Controllers are responsible for taking parameters passed from the presentation layer, contacting the appropriate business logic classes, and passing the processing on to them, then taking the results and routing the user to the next appropriate screen. Servlets will perform either part or all of this function.

We haven't described how this is done, and how you discover which controllers and views are necessary for a particular application. To teach this process, we will start by examining an example application to see how you can factor it into model, view, and controller aspects.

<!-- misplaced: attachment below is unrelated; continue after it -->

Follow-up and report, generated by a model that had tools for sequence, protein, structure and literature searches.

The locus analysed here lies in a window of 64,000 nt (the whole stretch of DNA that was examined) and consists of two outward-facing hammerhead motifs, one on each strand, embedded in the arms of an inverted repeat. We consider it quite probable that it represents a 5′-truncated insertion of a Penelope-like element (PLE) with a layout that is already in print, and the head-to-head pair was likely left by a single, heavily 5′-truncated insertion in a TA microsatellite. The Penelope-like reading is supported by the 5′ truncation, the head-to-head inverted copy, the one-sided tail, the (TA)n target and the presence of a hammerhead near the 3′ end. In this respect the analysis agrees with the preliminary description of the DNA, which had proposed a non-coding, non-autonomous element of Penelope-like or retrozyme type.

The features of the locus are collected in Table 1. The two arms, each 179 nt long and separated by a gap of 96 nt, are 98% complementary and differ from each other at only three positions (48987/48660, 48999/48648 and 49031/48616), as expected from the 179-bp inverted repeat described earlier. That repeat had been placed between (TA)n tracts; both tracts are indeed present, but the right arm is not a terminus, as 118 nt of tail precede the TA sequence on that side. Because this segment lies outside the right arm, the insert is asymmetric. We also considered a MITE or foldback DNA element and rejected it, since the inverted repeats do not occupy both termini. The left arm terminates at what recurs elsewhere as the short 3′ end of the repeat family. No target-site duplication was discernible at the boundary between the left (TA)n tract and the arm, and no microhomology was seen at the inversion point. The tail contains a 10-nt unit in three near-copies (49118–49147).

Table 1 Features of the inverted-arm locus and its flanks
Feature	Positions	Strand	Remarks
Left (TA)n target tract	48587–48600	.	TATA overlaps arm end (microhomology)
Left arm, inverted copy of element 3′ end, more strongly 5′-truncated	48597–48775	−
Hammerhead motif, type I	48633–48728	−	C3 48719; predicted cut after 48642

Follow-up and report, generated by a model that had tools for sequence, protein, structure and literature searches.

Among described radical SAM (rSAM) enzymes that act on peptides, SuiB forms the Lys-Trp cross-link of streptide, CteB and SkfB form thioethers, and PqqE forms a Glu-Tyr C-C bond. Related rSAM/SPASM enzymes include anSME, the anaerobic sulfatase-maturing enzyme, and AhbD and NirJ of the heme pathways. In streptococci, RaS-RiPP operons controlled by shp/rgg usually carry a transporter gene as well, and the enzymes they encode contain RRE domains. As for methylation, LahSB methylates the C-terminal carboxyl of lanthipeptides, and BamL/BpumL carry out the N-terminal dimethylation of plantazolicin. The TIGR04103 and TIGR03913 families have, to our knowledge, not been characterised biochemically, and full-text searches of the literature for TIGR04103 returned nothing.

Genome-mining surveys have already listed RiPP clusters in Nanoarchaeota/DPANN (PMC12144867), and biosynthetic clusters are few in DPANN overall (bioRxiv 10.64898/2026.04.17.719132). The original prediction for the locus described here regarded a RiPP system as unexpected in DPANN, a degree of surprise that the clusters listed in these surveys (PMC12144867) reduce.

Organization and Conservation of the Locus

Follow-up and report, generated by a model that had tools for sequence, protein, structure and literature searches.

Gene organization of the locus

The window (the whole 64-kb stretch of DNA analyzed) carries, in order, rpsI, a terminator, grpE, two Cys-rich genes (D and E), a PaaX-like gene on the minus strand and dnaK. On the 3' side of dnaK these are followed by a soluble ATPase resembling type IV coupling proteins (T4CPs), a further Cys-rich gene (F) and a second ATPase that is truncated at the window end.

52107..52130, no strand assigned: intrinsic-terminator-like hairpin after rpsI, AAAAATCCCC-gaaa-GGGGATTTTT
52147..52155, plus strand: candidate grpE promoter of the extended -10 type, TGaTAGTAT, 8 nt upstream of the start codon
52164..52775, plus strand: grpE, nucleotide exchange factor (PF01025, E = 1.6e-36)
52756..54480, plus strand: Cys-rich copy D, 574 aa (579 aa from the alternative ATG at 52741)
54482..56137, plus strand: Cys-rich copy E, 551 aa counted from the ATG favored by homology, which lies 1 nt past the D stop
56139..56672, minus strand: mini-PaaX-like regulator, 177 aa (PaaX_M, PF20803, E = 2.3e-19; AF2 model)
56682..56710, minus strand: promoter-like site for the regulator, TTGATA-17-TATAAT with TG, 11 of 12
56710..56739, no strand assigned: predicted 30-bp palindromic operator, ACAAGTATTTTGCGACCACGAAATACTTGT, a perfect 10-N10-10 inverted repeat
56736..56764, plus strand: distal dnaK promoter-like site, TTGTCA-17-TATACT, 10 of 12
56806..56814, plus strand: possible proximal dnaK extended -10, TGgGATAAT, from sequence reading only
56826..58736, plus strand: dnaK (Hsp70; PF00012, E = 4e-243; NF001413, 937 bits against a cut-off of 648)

Let's consider a simple application for managing employees taken from our case study. Our case study is comprised of several use cases for managing and tracking employee time sheets, and reporting on the time sheets submitted. Obviously, you must first have employees in the system to be able to submit a time sheet.

As with any MVC application, the first step in writing our application is to determine the model classes. In this case, this is pretty simple; we only have a single model class, Employee. We'll examine the implementation of this class in later chapters, but as you can guess, it's pretty straightforward. There are attributes for the Employee's name, ID number, age, and address.[1]

[1] In a more complete design, Address might be split into a second class, but we'll keep this simple so as not to distract from our discussion of views and controllers.